The long-span culvert is a synergistic unit composed of a corrugated metal liner and a compacted soil envelope that surrounds the liner. Conceptually, the system is very simple and, therefore, economically attractive as a bridge substitute. Analytically, however, the system is not simple because of the modeling difficulties associated with soil-structure interaction. Using the finite element method, this study investigates the influence of fundamental modeling assumptions on the behavior of long-span culverts. Two basic modeling assumptions are examined: large deformation theory versus small deformation theory and monolith structure versus incremented structure. In addition, the sensitivity of the following parameters are determined: compaction loads, soil stiffness, liner gage, liner shape, and special features of manufacturers. Results are shown graphically by comparing crown displacement histories between parametric families. Comparisons of maximum moment and thrust are also reported. Based on these studies, recommendations for analytical modeling techniques are summarized. The intent of this study is to provide a foundation for other studies. A systematic investigation of modeling assumptions and parameter sensitivity is a necessary step toward an analytical model for long-span culverts. /Author/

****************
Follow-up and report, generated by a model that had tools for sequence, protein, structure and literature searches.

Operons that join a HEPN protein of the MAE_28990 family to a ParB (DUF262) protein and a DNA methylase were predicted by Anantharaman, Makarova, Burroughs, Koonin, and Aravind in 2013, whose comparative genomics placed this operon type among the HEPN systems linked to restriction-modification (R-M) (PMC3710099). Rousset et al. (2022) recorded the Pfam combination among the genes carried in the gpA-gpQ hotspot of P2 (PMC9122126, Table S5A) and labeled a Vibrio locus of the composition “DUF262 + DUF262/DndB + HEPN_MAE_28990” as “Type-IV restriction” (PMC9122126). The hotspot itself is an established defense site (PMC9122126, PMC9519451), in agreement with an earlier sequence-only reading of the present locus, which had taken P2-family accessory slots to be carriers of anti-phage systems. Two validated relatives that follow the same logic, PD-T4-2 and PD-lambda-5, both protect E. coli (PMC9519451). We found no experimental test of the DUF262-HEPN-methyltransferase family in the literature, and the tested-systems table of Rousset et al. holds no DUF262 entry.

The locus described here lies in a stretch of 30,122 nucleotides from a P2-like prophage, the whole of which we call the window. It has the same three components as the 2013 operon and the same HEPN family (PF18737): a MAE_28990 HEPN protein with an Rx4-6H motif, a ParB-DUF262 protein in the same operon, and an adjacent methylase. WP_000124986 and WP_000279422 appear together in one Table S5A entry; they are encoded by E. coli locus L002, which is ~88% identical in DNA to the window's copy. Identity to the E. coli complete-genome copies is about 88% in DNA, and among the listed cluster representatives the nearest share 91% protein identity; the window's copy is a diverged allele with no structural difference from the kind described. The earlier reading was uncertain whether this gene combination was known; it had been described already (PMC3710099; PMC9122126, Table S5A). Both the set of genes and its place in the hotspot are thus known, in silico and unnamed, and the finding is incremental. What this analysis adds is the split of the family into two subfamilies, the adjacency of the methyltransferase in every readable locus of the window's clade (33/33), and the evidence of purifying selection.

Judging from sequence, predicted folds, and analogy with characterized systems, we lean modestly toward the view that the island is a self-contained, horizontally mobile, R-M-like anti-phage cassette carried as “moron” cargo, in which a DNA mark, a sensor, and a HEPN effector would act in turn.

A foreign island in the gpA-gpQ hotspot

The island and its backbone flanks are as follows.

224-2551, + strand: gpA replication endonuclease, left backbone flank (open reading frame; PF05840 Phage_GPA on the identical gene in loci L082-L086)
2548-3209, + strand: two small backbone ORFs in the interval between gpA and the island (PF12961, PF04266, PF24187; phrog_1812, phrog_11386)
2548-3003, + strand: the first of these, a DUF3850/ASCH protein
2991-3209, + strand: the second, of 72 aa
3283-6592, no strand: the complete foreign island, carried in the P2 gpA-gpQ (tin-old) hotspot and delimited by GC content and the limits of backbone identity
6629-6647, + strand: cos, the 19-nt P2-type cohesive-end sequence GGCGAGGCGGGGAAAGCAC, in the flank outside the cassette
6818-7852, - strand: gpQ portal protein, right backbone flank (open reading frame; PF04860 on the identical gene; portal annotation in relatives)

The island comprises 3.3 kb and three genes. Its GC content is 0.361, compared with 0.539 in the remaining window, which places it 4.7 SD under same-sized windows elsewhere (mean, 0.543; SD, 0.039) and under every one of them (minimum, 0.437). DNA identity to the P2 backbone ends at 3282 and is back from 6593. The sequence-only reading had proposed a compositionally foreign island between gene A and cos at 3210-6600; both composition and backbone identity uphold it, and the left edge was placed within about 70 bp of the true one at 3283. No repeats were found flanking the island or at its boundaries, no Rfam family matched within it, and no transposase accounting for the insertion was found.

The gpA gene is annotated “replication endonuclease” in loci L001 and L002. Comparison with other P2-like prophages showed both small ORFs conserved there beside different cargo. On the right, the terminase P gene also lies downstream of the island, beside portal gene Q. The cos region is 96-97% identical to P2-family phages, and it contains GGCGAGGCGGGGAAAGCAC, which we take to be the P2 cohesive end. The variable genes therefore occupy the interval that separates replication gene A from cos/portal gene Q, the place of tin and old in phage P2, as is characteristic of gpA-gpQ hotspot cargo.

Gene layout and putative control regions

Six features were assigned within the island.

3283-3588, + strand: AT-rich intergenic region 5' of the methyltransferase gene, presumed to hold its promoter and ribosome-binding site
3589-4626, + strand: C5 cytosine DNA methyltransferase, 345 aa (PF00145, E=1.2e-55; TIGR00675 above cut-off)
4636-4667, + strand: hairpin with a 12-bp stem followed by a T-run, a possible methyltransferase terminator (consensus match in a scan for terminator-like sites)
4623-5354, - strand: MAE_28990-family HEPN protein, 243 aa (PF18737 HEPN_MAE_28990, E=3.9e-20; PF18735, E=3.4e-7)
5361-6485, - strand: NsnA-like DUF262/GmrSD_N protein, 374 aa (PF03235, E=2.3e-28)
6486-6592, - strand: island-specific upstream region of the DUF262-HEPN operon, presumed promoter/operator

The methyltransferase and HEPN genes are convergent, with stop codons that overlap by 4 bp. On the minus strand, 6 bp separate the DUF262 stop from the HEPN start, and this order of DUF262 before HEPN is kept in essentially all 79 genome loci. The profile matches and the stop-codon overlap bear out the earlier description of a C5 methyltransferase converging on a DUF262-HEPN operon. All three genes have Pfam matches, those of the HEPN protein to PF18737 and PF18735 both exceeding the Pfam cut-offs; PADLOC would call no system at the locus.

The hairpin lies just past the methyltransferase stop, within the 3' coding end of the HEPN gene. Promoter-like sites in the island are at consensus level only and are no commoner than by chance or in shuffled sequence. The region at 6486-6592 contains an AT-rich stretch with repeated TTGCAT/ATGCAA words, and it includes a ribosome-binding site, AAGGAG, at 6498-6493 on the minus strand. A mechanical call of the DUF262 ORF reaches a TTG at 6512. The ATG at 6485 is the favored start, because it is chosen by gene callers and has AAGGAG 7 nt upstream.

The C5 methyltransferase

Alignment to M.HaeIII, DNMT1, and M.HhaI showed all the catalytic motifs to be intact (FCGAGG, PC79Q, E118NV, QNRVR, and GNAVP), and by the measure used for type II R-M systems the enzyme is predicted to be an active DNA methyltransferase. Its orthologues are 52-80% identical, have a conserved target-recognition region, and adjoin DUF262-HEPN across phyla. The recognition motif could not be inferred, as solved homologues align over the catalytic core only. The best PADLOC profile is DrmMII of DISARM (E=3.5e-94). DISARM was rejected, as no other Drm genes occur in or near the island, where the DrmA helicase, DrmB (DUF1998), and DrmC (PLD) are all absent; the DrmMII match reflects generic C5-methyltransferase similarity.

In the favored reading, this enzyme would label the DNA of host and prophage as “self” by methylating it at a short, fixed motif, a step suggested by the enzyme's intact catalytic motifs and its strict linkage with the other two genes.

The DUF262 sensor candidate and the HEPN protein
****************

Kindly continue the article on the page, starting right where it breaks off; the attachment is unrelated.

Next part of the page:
Media Info

  • Media Type: Print
  • Features: Figures; References; Tables;
  • Pagination: pp 59-66
  • Monograph Title: Tolerable Movement of Bridge Foundations, Sand Drains, K-test, Slopes and Culverts
  • Serial:

Subject/Index Terms

Filing Info

  • Accession Number: 00196582
  • Record Type: Publication
  • ISBN: 030902823X
  • Files: TRIS, TRB
  • Created Date: Aug 28 1979 12:00AM